Greatness from Goodness

Sampson had last two consecutive Senatorial campaigns.  He had a couple of liabilities that challenged his aptitude for political victory.  First, he seemed to care more about better outcomes for his constituency – making sure the wrong person didn’t get into office – than he cared about his own success.  Secondly, he was the kind of lawyer who could not bring himself to defend a guilty client.  Once, during criminal trial, he leaned over to his associate and said: “This many is guilty; you defend him, I can’t.”

Adam Grant tells of Sampson’s career in his book Give and Take: Why Helping Others Drives our Success.  Sampson’s generosity and integrity were finally rewarded when we won national office on his third try.  Sampson was his ghost name.  His real name was Abraham Lincoln.  He is widely revered as among the least egotistical of all of our Presidents.  In the words of one military general who worked with Lincoln, “he seemed to possess more of the elements of greatness, combined with goodness, than any other.”

By contrast, ‘takers’ who focus on ‘what’s in it for me’ can be toxic.  This week’s portion of Torah is named for such a taker in Korah whose rebellion is punitively put down.  But instead of learning lessons, the people become more agitated.  “All the congregation of Israel complained the next day (memacharat) against Moses and Aaron” (Num. 17:6).  They repudiate the demise of even those deserving punishment.  What does put a stop to this infernal escalation of anger and violence?  Not an earth-jolting reprimand, but a fragrant and gentle message.  “It was on the next day (memacharat) that Aaron’s staff had blossomed, flowering with a blossom that produced almonds” (Num. 17:23).  Soothing calm presides only after the flowering of Aaron’s staff (va-yatzeitz tzitz).  The mention of tzitz brings us back to the fringes of our garments (tzitzit) for help in addressing our society’s knottiest conflicts.  The fringes with which last week’s portion concluded, surround us with an aromatic scent designed to dispel odious toxins.  Incense helps vacate the incensed.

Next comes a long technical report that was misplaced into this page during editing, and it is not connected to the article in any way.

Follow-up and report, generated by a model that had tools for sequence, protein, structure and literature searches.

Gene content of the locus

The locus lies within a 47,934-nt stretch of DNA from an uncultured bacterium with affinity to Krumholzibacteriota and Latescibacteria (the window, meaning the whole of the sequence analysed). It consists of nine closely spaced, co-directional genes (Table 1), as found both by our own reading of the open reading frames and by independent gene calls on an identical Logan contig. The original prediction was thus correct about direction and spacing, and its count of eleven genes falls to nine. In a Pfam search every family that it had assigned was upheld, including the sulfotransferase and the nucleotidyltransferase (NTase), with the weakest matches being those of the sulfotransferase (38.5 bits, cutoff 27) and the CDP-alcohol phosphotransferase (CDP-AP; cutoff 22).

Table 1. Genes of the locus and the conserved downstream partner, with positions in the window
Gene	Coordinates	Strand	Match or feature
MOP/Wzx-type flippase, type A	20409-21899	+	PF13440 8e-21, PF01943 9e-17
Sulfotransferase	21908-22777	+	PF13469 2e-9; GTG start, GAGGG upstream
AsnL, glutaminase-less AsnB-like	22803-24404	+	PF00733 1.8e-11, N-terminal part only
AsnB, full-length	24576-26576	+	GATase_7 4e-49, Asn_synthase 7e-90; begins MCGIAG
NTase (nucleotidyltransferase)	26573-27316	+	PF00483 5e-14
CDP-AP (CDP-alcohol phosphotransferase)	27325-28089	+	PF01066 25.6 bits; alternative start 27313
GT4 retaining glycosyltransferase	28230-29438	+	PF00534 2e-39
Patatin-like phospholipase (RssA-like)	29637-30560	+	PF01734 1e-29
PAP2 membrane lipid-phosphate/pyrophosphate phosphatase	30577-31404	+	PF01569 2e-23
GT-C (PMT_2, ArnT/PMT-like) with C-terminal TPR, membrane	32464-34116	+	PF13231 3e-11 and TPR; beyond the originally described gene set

What qualifies the staff of Aaron to lower the temperature of an overheated conflict is Aaron’s selfless conduct.  Instructed by Moses to take incense into an afflicted multitude is what stems a devastating plague (Num. 17:11-12).  HIs taking personal responsibility for helping qualified him as a healer.

Lincoln understood this when he sought to bind up the wounds of the most blood-soaked conflict in the history of our nation.  With malice toward none and charity toward all, slavery was our collective responsibility.  ‘Takers’ specialize in finger-pointing.  ‘Givers’ responsibly extend willing hearts and hands.   

Rabbi Abraham Joshua Heschel captures the spirit of divine generosity that can insinuate itself into our lives when he says,“We receive all when we ask for nothing.” 

This week’s portion specializes in aggravated conflict.  May it’s lesson and the life of one of it’s most devoted readers (our nation’s 16th President), inspire our lives.

About the Author
Rabbi William Hamilton has served as rabbi (mara d'atra) of Kehillath Israel in Brookline, MA since 1995.
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